Monticello: Hillary Clinton´s 1,000-mile road trip brought her Tuesday to a small town in America´s agricultural heartland for the first official stop on what she hopes is her journey to the White House.
After three decades in the public eye, the former first lady, senator and secretary of state wants to reintroduce herself to voters as a down-to-earth champion of middle class aspiration.
So she began by traveling by van across the Midwest from New York to Le Claire, a small town of 4,000 souls in Iowa — the state which will see the first votes in next year´s primary race.
There, on the banks of the Mississippi, the woman who once walked the world´s corridors of power as the United States´ top diplomat, sat down for a tea in Jones Street Coffee House.
The small business opened only six months ago to serve a growing community, an apt symbol of the hopes and dreams of the kind of “everyday people” featured in Clinton´s first campaign ad.
“Hi everybody. Thank you for having us and all of these people. I love it,” she said, greeting Jen and Paul behind the counter and then sitting down for a chat out of reporters´ earshot.
Her guests were invitees — a young mother who volunteers for Planned Parenthood, a student from a campus in nearby Davenport and the president of a university Democratic Party group.
– Champion of Middle America –
But the intent — as with the two-day drive from Clinton headquarters in hip Brooklyn through the Pennsylvania and Ohio rust belt, to the fields of Iowa — was to show her meeting ordinary voters.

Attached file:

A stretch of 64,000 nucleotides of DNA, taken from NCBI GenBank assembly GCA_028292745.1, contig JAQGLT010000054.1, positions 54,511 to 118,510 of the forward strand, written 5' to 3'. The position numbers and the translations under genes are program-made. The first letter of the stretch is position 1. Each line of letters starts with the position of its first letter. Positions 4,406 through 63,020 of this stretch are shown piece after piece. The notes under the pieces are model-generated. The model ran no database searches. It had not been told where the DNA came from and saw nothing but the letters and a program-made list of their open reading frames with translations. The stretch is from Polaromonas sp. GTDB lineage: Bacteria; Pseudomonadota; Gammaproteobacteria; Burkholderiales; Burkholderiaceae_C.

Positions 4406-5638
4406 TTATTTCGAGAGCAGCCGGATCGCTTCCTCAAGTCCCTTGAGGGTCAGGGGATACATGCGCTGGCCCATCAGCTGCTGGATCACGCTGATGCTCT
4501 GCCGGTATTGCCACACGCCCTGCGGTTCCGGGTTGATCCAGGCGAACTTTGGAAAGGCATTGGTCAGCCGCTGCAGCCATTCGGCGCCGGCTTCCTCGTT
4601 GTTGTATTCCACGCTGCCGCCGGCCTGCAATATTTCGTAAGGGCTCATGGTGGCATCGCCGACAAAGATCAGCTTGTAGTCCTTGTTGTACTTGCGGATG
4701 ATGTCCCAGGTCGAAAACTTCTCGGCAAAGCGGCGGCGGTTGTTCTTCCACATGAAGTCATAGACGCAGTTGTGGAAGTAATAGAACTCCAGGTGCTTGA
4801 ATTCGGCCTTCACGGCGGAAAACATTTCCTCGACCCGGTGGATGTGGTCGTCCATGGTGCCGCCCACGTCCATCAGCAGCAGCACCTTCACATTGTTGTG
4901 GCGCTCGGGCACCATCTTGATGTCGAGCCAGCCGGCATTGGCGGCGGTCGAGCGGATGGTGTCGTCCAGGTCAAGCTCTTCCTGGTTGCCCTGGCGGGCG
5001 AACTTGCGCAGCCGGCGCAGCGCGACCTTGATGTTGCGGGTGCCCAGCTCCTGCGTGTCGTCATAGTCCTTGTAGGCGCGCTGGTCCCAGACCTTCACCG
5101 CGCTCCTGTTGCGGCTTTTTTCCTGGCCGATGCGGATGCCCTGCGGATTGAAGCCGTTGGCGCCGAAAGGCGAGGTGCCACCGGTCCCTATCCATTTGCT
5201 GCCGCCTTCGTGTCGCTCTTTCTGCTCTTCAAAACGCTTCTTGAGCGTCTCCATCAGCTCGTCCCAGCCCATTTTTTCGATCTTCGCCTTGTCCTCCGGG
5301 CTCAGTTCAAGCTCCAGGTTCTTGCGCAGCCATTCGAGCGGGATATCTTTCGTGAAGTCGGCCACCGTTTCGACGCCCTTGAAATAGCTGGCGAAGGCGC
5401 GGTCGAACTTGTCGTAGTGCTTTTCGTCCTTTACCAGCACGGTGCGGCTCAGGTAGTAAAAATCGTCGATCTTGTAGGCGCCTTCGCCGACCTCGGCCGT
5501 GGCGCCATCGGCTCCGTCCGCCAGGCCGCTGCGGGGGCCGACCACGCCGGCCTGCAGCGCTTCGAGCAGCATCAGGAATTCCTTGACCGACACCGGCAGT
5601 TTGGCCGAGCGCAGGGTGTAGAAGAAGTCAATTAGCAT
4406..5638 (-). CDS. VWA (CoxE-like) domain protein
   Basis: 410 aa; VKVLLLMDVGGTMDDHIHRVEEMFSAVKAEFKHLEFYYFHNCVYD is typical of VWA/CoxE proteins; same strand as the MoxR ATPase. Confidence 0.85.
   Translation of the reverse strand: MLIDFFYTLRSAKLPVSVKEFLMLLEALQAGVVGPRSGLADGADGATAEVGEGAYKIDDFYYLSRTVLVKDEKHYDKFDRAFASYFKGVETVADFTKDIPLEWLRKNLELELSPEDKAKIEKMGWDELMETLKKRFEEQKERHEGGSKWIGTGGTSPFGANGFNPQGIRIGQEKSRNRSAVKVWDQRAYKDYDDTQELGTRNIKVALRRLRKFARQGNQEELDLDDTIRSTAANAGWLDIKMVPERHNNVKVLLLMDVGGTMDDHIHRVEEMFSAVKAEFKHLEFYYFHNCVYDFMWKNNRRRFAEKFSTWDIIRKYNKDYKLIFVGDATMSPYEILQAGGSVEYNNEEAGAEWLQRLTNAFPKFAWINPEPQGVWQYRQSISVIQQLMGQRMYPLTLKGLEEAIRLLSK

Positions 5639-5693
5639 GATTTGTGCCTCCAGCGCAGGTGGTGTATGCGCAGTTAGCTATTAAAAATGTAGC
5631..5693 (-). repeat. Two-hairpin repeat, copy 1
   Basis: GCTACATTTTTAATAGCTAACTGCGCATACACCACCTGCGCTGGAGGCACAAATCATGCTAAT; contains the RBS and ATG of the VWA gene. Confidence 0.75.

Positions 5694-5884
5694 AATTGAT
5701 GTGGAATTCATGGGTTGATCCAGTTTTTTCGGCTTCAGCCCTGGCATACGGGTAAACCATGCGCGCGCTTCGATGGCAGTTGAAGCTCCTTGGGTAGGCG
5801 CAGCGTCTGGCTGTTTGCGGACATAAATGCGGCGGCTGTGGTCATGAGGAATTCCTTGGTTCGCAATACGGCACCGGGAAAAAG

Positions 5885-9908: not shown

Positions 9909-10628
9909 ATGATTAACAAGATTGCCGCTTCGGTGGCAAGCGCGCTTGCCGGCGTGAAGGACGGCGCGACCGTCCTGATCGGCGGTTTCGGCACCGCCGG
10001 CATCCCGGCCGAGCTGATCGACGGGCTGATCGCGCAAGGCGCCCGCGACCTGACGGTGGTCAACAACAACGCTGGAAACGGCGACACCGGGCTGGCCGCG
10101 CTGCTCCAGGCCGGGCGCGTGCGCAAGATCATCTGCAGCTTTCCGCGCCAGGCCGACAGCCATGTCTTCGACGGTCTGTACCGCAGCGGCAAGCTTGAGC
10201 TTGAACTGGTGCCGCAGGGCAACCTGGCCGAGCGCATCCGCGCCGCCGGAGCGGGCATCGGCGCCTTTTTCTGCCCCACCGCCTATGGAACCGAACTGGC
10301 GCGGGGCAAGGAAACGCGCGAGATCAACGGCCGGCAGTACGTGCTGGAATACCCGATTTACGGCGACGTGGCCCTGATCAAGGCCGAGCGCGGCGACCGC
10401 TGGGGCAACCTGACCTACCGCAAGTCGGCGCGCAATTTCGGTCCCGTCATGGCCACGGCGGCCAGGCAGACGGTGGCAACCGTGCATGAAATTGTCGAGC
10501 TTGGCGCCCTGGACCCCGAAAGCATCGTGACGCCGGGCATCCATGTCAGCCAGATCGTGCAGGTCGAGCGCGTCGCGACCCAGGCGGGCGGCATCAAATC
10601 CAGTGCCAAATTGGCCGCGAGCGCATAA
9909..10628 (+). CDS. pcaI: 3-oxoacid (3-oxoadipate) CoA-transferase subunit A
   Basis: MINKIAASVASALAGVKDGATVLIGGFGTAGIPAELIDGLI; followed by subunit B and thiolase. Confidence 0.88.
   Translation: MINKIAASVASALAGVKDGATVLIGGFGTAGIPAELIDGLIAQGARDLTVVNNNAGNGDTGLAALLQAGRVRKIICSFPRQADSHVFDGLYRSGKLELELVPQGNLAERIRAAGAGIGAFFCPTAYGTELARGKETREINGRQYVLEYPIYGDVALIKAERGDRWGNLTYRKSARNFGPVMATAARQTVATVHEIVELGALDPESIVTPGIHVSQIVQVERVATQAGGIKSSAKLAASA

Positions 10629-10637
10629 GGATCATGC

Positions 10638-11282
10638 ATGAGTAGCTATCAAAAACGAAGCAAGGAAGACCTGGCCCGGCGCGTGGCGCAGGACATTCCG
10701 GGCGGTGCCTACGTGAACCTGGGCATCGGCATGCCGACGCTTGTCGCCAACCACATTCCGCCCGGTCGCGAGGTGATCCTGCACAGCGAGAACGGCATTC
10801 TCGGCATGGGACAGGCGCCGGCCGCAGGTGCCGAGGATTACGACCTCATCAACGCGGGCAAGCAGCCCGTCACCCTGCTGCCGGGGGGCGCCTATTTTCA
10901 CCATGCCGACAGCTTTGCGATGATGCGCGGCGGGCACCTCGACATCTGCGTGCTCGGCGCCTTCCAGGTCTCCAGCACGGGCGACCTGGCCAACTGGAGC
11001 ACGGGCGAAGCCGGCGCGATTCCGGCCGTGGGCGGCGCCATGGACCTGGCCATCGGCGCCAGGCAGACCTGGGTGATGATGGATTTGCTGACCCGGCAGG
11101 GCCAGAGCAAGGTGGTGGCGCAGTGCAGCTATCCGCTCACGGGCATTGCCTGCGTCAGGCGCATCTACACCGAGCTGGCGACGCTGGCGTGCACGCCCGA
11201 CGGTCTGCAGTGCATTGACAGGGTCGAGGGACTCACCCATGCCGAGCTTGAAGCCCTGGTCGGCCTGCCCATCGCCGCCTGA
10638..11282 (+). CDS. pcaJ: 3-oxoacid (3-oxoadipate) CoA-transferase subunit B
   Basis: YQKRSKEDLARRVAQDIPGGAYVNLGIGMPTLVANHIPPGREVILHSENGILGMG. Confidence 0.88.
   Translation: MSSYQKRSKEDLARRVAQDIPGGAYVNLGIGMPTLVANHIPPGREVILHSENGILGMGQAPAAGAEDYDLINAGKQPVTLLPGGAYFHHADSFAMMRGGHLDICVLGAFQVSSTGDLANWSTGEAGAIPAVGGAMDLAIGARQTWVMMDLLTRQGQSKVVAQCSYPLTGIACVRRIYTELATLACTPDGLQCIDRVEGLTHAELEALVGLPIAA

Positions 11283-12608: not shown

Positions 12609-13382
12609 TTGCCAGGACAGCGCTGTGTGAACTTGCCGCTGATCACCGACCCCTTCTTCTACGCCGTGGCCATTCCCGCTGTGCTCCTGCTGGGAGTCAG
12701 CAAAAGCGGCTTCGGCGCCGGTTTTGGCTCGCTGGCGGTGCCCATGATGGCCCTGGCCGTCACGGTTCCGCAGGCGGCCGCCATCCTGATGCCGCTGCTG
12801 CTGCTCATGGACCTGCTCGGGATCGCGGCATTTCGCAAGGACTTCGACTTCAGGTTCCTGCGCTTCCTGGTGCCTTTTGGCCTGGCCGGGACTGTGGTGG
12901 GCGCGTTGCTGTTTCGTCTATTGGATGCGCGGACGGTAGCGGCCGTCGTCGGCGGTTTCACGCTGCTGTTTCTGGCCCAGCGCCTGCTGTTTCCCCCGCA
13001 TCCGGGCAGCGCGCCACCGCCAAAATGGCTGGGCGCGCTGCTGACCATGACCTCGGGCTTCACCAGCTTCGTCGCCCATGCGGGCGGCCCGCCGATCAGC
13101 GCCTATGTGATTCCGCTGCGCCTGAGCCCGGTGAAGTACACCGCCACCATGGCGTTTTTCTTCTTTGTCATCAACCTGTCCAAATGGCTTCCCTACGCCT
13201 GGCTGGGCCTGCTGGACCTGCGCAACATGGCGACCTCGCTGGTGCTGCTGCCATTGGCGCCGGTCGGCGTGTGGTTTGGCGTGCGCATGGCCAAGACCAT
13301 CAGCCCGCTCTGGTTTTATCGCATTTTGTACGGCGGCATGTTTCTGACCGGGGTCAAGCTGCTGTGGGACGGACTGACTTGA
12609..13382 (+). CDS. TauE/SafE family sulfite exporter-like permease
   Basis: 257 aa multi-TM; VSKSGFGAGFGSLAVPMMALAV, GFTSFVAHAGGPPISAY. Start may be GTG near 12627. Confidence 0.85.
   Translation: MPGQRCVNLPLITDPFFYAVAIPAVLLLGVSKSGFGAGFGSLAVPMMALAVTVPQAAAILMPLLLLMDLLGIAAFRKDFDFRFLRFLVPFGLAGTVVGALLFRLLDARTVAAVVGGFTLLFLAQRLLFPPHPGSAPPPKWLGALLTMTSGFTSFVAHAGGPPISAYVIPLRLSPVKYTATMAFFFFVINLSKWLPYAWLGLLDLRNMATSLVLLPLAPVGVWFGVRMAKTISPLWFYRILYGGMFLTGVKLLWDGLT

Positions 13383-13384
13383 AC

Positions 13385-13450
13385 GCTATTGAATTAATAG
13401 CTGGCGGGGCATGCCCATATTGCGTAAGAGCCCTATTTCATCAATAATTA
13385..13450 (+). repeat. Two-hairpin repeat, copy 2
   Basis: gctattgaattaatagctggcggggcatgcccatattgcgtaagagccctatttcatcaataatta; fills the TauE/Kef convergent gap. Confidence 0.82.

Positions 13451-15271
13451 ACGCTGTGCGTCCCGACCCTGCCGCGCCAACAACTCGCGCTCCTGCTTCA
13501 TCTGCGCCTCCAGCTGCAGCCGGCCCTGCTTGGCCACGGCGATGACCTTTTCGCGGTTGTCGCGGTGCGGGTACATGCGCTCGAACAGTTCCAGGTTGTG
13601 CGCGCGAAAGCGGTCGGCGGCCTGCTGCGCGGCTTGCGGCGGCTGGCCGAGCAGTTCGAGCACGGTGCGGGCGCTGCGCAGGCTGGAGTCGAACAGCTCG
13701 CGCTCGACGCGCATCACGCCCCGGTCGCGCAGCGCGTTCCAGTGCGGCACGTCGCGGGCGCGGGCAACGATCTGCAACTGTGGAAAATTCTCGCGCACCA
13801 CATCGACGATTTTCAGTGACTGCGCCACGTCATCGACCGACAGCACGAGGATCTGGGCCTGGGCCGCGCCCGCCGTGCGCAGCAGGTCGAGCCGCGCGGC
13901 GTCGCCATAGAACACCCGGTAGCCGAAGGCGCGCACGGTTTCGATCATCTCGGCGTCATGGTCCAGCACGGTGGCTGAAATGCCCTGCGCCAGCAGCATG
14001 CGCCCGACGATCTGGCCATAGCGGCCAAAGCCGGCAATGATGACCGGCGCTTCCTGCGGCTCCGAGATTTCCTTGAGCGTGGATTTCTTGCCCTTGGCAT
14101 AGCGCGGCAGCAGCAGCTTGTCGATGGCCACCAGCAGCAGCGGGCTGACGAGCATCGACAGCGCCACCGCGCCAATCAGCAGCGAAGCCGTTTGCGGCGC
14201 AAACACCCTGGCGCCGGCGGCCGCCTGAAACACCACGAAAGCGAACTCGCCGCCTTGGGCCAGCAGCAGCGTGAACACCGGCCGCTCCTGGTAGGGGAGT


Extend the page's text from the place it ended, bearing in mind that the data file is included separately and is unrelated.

Later Tuesday, she moved on to a community college in the town of Monticello, holding a roundtable with students and educators as she once again set about crafting her image as the champion of ordinary Americans.
“I want to stand up and fight for people so they cannot just get by, but they get ahead and stay ahead,” she said, adding she would seek to change a system where “the deck is stacked in favor of those already at the top.”
Clinton also said she would seek to staunch the flow of “unaccountable money” in a “dysfunctional political system” by a constitutional amendment if necessary.
It is a marked departure from the steely image portrayed in the now 67-year-old´s failed bid for the 2008 Democratic presidential nomination.
Then, she was defeated in Iowa and eventually nationwide by a young Barack Obama, who went on to win two terms in the White House as America´s first black president.
Now Clinton wants to return as America´s first female president to the building where she lived as first lady during her husband Bill´s two presidential terms from 1993 to 2001. (AFP)